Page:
The final frontier has become congested and contested


nasa smap
NASA's Soil Moisture Active Passive (SMAP) observatory awaits liftoff aboard a United Launch Alliance Delta II rocket into the early morning skies above California's Vandenberg Air Force Base, Jan. 31, 2015
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When we consider national security, we typically think of protecting our borders, securing data and preventing disease and conflict. Winning wars.

The U.S. military is increasingly thinking about the final frontier as the last stand for strategic defense.

“Space is no longer the sanctuary it was 30 years ago; it is becoming increasingly congested, contested and competitive,” said Air Force Lt. Gen. John “Jay” Raymond, commander of the 14th Air Force and the Joint Functional Component Command for Space, within the U.S. Strategic Command.

“Our ultimate goal is to promote the safe and responsible use of space while we execute our mission of supporting the war-fighter through delivering space capabilities,” said Raymond, who recently invited a dozen scholars from CISAC and the Freeman Spogli Institute for International Studies to Vandenberg Air Force Base.

Raymond visited CISAC last year to open a dialogue on policy and strategy among Stanford scholars and the U.S. Strategic Command, one of nine unified commands in the Department of Defense. Raymond’s mandate includes space surveillance and control.

CISAC has had a long partnership with USSTRATCOM headquarters in Omaha, Neb., with fellows visiting officers there each year. Raymond is now looking to Stanford for a policy partnership with his commanders at the Air Force base on the California coast between San Francisco and Los Angeles.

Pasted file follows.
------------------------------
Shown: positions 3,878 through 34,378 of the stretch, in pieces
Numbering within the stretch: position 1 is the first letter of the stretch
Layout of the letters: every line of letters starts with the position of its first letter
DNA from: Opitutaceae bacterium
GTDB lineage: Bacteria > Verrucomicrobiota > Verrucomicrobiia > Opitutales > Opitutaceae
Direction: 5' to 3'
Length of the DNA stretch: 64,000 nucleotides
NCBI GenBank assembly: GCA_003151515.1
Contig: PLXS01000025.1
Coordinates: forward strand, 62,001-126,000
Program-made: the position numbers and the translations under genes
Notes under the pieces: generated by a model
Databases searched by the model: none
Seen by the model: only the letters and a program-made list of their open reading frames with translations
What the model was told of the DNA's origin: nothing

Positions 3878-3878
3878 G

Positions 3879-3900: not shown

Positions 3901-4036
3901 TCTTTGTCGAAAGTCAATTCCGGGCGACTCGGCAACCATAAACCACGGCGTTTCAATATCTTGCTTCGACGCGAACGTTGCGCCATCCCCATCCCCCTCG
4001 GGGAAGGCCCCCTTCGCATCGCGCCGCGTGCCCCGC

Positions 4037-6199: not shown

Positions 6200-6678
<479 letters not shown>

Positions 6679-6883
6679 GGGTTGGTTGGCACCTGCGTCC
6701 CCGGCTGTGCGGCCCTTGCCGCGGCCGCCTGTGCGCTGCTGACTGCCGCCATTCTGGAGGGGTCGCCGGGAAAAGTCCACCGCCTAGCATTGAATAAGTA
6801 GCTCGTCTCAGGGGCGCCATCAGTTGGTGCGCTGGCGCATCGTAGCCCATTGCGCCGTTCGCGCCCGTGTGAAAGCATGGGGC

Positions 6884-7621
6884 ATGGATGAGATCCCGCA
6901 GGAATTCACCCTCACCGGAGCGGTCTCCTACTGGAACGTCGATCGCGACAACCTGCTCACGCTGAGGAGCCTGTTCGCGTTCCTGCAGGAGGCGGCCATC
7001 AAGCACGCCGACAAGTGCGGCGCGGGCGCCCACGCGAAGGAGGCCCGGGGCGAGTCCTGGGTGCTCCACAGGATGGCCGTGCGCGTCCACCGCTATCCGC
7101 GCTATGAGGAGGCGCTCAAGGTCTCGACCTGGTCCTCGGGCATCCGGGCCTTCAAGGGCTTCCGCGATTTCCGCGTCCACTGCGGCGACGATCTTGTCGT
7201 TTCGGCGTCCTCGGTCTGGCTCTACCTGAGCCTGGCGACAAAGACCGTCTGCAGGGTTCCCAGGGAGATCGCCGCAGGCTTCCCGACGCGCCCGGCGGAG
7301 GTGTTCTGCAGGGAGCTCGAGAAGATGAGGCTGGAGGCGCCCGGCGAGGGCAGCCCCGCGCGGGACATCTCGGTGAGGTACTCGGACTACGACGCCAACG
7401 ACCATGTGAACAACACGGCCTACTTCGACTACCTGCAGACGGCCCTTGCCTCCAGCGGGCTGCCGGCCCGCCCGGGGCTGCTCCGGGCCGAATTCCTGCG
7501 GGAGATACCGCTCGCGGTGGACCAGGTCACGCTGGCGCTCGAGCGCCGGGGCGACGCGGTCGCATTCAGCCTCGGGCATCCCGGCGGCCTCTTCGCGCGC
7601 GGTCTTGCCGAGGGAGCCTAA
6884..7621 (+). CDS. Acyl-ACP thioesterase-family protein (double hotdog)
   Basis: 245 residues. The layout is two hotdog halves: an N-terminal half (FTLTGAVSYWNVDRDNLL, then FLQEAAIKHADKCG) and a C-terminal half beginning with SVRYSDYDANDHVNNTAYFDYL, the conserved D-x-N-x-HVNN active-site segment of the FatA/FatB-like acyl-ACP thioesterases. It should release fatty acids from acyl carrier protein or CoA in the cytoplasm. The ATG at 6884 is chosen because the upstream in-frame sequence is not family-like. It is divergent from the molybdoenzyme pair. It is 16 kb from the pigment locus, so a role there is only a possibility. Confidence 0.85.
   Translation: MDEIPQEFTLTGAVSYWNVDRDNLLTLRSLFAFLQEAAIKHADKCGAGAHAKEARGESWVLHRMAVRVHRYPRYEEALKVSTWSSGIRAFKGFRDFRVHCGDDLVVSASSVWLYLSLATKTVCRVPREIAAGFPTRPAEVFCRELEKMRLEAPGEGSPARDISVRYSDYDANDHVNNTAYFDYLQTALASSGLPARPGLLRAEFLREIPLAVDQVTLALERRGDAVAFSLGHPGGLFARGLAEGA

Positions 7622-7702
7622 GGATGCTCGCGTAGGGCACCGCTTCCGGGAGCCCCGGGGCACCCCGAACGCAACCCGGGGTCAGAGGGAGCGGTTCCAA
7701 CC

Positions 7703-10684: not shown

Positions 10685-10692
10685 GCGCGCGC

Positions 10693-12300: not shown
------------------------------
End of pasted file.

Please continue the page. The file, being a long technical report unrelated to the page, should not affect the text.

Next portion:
“To continue to be the best in this business we have to constantly assess our current policies and operations while always keeping an eye toward future challenges,” Raymond said. “This is where a relationship with CISAC is invaluable. I saw this as a phenomenal opportunity to provide the fellows insight into the real-world challenges we are facing in the space domain – and to help support, stimulate and develop their academic pursuits.”

CISAC Co-Directors Amy Zegart and David Relman are taking the general up on the proposal. Zegart led the delegation that toured the Joint Space Operations Center and then held senior-level policy and strategy talks with two dozen officers and NASA officials.

The off-the-record talks were lively and frank. The sessions focused on foreign counter-space threats, space policy efforts with China and Russia, the growing problem of space debris and the policy debate over the use of cube satellites.

“We naturally think about national security challenges on land, under water, in the air, and even in cyberspace,” said Zegart, who is also a senior fellow at the Hoover Institution. “But space is playing an increasingly vital role in international security, whether it's the 23,000 pieces of debris the U.S. tracks every day that could hit vital satellites, or deliberate moves by some nations to develop counter-space capabilities. In many ways, space really is the final frontier in the international security landscape.”

Space Debris